Sum­ming up the dis­cus­sion, EU Declarations:

  • should be based on EN ISO/IEC 17050 – 1 and sup­por­ted by doc­u­ment­a­tion (e.g., a Tech­nic­al File) as laid out EN ISO/IEC 17050 – 2 and the rel­ev­ant Annexes to the applic­able directives
  • should state “EU Declar­a­tion of Con­form­ity” or “EU Declar­a­tion of Incor­por­a­tion” as appropriate
  • shall include the rel­ev­ant state­ments from the dir­ect­ives (i.e., “a sen­tence expressly declar­ing that the machinery ful­fils all the rel­ev­ant pro­vi­sions of this Dir­ect­ive and where appro­pri­ate, a sim­il­ar sen­tence declar­ing the con­form­ity with oth­er Dir­ect­ives and/or rel­ev­ant pro­vi­sions with which the machinery com­plies. These ref­er­ences must be those of the texts pub­lished in the Offi­cial Journ­al of the European Uni­on;” and “ a sen­tence declar­ing which essen­tial require­ments of this Dir­ect­ive are applied and ful­filled and that the rel­ev­ant tech­nic­al doc­u­ment­a­tion is com­piled in accord­ance with part B of Annex VII, and, where appro­pri­ate, a sen­tence declar­ing the con­form­ity of the partly com­pleted machinery with oth­er rel­ev­ant Dir­ect­ives. These ref­er­ences must be those of the texts pub­lished in the Offi­cial Journ­al of the European Uni­on;” [14])
  • shall carry a list­ing of the rel­ev­ant directives
  • may include the manufacturer’s logo, but the use of let­ter­head is unclear
  • shall include the manufacturer’s inform­a­tion AND the EU Author­ized Representative’s information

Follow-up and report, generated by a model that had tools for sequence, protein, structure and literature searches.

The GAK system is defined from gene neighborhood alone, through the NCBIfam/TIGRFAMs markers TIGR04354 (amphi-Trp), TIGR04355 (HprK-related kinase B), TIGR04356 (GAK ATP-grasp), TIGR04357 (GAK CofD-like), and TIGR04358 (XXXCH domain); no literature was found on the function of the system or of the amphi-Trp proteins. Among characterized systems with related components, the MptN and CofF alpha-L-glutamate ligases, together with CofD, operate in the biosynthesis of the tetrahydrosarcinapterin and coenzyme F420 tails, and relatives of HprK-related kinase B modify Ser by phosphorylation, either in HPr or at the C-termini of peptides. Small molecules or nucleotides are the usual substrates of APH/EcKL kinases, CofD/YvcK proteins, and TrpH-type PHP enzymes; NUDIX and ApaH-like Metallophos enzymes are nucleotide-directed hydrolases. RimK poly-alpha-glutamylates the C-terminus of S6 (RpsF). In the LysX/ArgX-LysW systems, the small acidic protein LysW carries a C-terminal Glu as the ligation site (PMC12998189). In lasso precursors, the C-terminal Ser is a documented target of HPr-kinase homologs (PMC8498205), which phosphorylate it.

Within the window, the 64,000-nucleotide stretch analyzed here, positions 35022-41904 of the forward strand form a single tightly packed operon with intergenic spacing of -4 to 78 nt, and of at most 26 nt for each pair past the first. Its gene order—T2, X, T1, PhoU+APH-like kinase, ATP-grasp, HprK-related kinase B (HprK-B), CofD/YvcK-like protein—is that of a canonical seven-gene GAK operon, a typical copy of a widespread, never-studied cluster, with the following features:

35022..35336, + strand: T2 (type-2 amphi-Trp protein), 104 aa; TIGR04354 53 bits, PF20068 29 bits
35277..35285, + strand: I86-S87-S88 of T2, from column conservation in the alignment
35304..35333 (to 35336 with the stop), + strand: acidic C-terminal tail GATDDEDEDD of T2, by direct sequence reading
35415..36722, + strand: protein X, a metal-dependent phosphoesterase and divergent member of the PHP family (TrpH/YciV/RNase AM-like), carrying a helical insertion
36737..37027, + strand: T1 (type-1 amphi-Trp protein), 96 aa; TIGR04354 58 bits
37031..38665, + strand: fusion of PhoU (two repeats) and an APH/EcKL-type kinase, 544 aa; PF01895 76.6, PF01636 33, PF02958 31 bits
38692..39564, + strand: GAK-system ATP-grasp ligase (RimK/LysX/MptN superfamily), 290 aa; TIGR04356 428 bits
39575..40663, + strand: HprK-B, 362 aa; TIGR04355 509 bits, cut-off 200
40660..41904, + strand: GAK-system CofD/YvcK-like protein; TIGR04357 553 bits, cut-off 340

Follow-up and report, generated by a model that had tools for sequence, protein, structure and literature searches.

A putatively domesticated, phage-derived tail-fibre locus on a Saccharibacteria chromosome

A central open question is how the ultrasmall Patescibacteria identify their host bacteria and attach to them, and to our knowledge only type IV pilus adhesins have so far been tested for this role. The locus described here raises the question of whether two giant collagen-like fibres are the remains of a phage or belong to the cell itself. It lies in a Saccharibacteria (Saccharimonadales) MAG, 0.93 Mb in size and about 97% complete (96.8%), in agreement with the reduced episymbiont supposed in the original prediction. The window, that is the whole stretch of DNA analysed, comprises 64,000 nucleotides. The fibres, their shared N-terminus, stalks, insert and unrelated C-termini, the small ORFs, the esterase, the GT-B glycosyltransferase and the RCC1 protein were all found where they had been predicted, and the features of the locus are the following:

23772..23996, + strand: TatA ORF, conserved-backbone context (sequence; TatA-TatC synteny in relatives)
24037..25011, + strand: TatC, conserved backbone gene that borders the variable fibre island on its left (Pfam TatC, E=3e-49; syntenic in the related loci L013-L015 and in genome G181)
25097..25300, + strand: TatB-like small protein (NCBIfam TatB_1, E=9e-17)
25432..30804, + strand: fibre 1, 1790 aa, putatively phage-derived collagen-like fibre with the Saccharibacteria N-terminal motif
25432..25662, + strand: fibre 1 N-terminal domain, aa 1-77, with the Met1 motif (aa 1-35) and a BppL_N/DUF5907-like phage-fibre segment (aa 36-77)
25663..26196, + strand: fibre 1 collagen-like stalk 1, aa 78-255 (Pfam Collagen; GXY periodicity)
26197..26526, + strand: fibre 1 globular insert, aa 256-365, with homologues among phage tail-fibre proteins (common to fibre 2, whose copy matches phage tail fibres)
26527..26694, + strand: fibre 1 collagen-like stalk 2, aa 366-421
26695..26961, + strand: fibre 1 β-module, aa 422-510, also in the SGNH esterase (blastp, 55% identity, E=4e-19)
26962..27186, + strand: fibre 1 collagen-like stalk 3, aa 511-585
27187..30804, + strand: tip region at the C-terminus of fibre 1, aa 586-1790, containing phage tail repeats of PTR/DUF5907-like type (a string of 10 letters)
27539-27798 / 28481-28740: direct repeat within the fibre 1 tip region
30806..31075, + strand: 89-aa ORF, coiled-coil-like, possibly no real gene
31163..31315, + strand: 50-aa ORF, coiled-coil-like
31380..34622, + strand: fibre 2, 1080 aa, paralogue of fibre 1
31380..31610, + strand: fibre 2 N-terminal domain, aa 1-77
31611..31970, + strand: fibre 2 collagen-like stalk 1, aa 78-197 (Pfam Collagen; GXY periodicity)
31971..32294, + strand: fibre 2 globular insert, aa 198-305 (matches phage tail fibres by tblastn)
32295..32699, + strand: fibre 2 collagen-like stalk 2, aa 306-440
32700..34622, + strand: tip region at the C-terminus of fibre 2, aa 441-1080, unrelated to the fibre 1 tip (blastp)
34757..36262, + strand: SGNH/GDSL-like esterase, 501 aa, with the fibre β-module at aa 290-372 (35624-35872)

• should be included as a hard­copy with the ship­ping paperwork
  • should be included in the product documentation
  • may be made avail­able on the com­pany web site (many man­u­fac­tur­ers do this)
  • shall include all of the rel­ev­ant inform­a­tion as laid out in the Annexes to the rel­ev­ant Directives


[1]     “Wil­li­am Henry Mer­rill,” Wiki­pe­dia [online]. Avail­able: Accessed: 2013-11-20.

[2]     “His­tory,” Under­writers Labor­at­or­ies [online]. Avail­able: Accessed: 2013-11-20.

[3]     “UL (safety organ­iz­a­tion),” Wiki­pe­dia [online]. Avail­able: Accessed: 2013-11-20.

[4]     “Coun­cil Dir­ect­ive 93/68/EEC of 22 July 1993”, Ed. European Uni­on: Eur-Lex [online], 1993. Avail­able: Accessed: 2013-11-20.

[5]     “One mar­ket without bor­ders,” Ed. European Uni­on: [online], 2013. Avail­able: Accessed: 2013-11-20.

[6]     “CE Mark­ing,” ed: Enter­prise and Industry Dir­ect­or­ate, European Com­mis­sion, [online]. Avail­able: Accessed: 2013-11-20

[7]     Guide to the imple­ment­a­tion of dir­ect­ives based on the New Approach and the Glob­al Approach. Lux­em­bourg: Office for Offi­cial Pub­lic­a­tions of the European Com­munit­ies, 2000.

[8]     “Con­form­ity assess­ment — Sup­pli­er­’s declar­a­tion of con­form­ity — Part 1: Gen­er­al require­ments,” ed. Geneva: ISO Stand­ard 17050 – 1, 2004.